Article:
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"The evolution of shields in China (with references also... " Topic

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©1994-2019 Bill Armintrout
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Tango01 Supporting Member of TMP11 Apr 2018 8:28 p.m. PST

…. to Korea and Japan) part I

"The question of the limited presence of shields or evidence of them in the archaeological finds of China, Korea and Japan, and in the artistic depictions of any kind of the respective cultures is well known to the researchers of ancient and pre-modern warfare of these nations [actually the European historical terms "ancient", "medieval" etc cannot be applied adequately to the Chinese-Korean-Japanese History but the Western historians have to use them for convenience].

I have dealt with this ‘problem' in brief in my book Ancient Chinese Armies (image below, published in Greek) and I will repeat here more briefly my view on it: I do not believe that the Chinese, Korean and Japanese troops used shields to a lesser degree than the ancient and medieval combatants of the Middle East, North Africa, Europe, Iran or India. Almost in their entire history, the Chinese and the Koreans had to fight peoples and tribes of skilful archers and horse-archers, mostly nomadic groups such as the Hu tribes, the Hsiung Nu, the Wu Huan, Hsien Pi, Juan Juan, Tu Ęiueh, Mongols, Manchu, Dzungarians and many more other Tocharian, Turkic, Mongol and Tungus tribes. The armies of the Tai and Yueh (Viet) tribes in the south of the Chinese, and the Tibetans and the Chiang in the west of them were also manned by numerous archers…"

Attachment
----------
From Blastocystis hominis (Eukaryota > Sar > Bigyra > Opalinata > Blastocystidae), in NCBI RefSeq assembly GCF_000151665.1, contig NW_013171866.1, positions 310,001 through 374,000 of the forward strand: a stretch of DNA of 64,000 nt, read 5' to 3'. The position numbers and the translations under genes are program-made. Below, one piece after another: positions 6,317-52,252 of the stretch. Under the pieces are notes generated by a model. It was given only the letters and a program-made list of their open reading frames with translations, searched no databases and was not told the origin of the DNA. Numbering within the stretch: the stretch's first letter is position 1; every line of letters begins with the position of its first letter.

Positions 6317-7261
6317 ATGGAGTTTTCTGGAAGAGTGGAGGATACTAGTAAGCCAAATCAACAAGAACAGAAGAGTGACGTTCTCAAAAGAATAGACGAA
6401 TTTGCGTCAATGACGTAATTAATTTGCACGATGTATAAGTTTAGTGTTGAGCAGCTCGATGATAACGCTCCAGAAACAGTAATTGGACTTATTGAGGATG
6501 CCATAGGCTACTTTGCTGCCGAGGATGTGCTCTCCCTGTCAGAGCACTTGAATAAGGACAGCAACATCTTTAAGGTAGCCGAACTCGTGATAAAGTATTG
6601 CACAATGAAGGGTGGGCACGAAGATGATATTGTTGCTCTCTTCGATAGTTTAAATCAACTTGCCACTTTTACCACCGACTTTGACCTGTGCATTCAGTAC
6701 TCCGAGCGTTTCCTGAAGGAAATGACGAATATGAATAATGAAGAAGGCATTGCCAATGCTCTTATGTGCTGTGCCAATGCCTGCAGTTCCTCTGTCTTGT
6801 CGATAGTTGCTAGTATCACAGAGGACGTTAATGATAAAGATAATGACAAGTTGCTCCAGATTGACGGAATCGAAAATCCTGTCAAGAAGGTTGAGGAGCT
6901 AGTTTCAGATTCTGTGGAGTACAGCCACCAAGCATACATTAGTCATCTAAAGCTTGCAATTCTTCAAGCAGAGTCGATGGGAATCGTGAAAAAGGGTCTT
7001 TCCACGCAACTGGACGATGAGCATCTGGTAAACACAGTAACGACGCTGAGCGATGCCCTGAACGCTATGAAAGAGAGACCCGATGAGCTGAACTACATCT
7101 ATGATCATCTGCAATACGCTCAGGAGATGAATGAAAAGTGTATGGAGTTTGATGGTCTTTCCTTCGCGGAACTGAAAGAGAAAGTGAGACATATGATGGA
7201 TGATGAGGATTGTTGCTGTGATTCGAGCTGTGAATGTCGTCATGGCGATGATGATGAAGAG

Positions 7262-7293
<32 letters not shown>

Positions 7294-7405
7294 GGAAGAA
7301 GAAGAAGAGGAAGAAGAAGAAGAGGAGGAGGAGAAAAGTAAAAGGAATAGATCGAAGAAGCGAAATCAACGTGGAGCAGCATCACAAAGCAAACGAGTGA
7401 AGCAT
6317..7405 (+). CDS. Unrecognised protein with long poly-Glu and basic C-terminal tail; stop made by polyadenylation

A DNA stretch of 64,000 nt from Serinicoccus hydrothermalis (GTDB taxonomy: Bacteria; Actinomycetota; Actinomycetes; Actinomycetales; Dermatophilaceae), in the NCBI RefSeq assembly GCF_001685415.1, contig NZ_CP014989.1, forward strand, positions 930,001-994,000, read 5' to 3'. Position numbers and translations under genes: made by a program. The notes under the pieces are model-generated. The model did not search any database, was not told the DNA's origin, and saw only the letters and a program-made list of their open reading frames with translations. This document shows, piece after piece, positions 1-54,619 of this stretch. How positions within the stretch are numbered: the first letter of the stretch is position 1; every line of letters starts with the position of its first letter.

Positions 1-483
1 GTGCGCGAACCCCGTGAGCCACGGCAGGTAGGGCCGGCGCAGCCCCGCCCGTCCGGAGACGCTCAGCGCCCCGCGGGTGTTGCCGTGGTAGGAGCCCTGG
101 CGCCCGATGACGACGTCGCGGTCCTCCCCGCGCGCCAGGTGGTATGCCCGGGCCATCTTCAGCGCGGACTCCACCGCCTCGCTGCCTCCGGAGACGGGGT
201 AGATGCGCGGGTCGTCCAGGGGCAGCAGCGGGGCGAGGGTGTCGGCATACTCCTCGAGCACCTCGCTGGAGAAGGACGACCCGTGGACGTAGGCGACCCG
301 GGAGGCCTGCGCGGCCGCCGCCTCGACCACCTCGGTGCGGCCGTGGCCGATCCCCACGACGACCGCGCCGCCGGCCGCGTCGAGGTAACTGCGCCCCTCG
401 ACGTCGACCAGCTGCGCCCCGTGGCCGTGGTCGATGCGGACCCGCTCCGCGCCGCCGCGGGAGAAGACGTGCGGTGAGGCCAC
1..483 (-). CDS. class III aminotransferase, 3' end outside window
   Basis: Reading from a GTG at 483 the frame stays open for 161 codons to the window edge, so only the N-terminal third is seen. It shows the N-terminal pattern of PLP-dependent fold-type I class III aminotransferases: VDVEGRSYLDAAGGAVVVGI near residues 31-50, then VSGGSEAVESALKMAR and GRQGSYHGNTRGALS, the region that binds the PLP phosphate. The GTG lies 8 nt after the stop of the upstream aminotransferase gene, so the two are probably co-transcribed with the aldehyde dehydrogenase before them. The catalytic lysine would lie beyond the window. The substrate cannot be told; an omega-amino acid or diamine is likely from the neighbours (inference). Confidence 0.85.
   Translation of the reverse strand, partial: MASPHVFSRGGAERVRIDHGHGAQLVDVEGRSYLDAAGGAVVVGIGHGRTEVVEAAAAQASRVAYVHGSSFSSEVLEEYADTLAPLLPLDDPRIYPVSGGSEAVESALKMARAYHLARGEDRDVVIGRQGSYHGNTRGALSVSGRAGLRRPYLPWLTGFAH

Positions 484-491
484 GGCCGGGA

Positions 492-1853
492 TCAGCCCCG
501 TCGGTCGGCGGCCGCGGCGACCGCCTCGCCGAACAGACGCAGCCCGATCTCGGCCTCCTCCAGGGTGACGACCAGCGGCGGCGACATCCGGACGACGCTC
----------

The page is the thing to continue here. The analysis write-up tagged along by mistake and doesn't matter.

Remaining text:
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goragrad11 Apr 2018 8:39 p.m. PST


Tango01 Supporting Member of TMP12 Apr 2018 9:33 a.m. PST

Glad you enjoyed it my friend!. (smile)


Tango01 Supporting Member of TMP28 Apr 2018 11:04 a.m. PST

The evolution of shields in China (with references also to Korea and Japan) part II



Snowcat30 Apr 2018 4:56 p.m. PST

Please show me evidence of a Warring States or Han period soldier using a ji (long dagger-axe with spear point) with a shield. We know they combined the ko (short dagger-axe) and spear with shield, just as they used the sword with a shield. But it is the 2-handed polearm that is most in doubt. The same applies to the polearms (halberds) used by successive dynasties.

Furthermore, Chinese cavalry used the lance and the ji with two hands, so the use of a shield by them is also in doubt.


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